This week, The FTC (Federal Trade Commission) announced that it had charged five companies with making false and misleading claims for indicating their product could cure cancer. In addition, the FTC had reached settlements wit six other companies. According to Lydia Parnes, director of the FTC, "As long as products have been sold, there has been somebody out there selling snake oil to consumers." 
The FTC provides signs of whether a product is a scam:
- No one treatment works for everyone. If the website or ad suggests everyone will be cured or helped by a product, it is a warning sign.
- Natural is not always better. Because many people believe that if a product is "all natural" it is safe and effective, manufacturers will use this language to help sell their product. Natural, however, does not always mean safe or effective. Some products can interfere with other treatment or can be harmful for you.
- Personal stories and testimonials do not make up for lack of scientific data. Although personal stories and testimonials may sound good, supplements are not regulated by the FDA (Federal Food and Drug Administration) and therefore do not need to have scientific studies to back up their claims.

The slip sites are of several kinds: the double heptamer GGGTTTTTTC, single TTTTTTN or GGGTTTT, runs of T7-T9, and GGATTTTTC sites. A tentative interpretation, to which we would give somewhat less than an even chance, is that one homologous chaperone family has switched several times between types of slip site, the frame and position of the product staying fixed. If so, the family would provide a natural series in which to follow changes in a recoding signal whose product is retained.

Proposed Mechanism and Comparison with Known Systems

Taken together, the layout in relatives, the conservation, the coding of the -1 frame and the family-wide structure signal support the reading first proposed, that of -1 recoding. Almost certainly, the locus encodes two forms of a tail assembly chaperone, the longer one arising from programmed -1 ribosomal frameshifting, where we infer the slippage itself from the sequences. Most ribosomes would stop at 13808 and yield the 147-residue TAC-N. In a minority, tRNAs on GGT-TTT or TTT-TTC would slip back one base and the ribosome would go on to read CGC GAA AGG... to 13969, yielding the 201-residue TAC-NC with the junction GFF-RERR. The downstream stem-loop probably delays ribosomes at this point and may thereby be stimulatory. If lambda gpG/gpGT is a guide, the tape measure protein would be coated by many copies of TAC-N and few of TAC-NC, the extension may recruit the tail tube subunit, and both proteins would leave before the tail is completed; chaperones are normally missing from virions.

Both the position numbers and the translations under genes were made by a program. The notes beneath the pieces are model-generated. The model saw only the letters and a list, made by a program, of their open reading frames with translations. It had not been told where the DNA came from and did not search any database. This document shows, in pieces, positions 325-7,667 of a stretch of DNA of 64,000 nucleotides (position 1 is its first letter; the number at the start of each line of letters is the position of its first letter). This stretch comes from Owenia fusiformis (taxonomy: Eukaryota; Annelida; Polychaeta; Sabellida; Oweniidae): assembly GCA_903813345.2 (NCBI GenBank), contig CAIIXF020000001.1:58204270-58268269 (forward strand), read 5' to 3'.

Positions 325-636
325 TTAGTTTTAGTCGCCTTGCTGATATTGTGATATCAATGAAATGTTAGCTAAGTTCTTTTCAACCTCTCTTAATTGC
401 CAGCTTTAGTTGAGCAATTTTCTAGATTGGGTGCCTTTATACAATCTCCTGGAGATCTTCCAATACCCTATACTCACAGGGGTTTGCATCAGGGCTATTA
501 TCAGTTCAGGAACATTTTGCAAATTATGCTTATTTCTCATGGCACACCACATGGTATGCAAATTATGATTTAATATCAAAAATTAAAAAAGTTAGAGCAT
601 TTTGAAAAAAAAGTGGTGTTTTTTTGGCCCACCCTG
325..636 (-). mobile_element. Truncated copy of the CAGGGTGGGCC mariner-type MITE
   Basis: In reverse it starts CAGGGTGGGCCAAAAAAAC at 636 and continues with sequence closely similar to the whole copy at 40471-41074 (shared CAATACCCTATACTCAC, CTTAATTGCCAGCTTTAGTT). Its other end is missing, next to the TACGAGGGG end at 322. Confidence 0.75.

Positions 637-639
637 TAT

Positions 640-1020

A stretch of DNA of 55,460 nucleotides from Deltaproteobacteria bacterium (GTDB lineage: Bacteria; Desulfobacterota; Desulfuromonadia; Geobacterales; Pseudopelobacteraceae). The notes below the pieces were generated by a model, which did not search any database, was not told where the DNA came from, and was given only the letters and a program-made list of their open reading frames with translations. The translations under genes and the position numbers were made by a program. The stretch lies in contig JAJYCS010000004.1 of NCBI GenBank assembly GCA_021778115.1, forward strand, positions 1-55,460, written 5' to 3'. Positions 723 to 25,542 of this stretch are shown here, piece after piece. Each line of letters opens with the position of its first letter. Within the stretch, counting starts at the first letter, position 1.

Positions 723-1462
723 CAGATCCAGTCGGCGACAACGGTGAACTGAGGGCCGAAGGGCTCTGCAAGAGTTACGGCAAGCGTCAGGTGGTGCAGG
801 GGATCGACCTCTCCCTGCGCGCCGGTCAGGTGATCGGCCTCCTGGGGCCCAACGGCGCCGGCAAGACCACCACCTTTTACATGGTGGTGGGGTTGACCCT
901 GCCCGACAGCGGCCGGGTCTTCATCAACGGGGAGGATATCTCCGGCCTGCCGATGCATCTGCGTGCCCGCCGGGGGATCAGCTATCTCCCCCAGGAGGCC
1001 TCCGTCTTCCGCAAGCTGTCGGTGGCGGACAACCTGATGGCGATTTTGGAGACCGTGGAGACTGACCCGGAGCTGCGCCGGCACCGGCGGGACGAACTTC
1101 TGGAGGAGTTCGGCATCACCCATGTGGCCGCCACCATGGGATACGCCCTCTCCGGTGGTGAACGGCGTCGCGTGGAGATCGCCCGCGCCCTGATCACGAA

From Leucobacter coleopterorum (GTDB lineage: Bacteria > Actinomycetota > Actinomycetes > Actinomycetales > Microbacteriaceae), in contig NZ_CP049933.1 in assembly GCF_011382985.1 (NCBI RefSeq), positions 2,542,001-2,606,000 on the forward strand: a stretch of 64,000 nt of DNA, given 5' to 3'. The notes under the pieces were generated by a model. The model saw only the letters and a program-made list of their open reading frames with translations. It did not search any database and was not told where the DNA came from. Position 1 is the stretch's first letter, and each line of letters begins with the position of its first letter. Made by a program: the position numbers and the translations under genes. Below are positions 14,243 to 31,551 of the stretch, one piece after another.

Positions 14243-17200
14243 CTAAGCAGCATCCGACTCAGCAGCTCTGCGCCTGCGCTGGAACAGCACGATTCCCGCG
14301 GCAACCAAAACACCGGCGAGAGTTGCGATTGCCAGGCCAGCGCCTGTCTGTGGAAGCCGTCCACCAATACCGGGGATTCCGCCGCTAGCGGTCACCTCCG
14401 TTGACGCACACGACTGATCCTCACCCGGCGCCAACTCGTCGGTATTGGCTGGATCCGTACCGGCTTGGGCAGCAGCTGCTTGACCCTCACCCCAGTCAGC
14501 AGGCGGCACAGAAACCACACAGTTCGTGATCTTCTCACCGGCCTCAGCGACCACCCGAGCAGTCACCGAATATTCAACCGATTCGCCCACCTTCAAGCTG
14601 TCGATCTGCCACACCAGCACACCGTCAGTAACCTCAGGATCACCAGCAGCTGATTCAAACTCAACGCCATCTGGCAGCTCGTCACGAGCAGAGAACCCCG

- Medical terminology can be impressive but does not prove effectiveness. Manufacturers sometimes fill their advertisements with medical terminology and jargon, but if they do not have medical studies and research to back up their claims, these are just words.
- Offering money back if not satisfied does not mean a product is effective. Beware of ads without scientific data and evidence to back up their claims.
Before taking any "cancer cures" talk with your doctor and pharmacist to make sure the product will not interfere with any current treatment. In addition, it is not recommended for anyone to put off a legitimate treatment in order to try a "cancer cure."
If you believe you have been the victim of a company offering a bogus cancer claim, you can report the company to the FTC.
 "FTC Warns Consumers About Bogus Cancer Cures", 2008, Sept 18, Randolph E. Schmid, Associated Press
Published On: September 19, 2008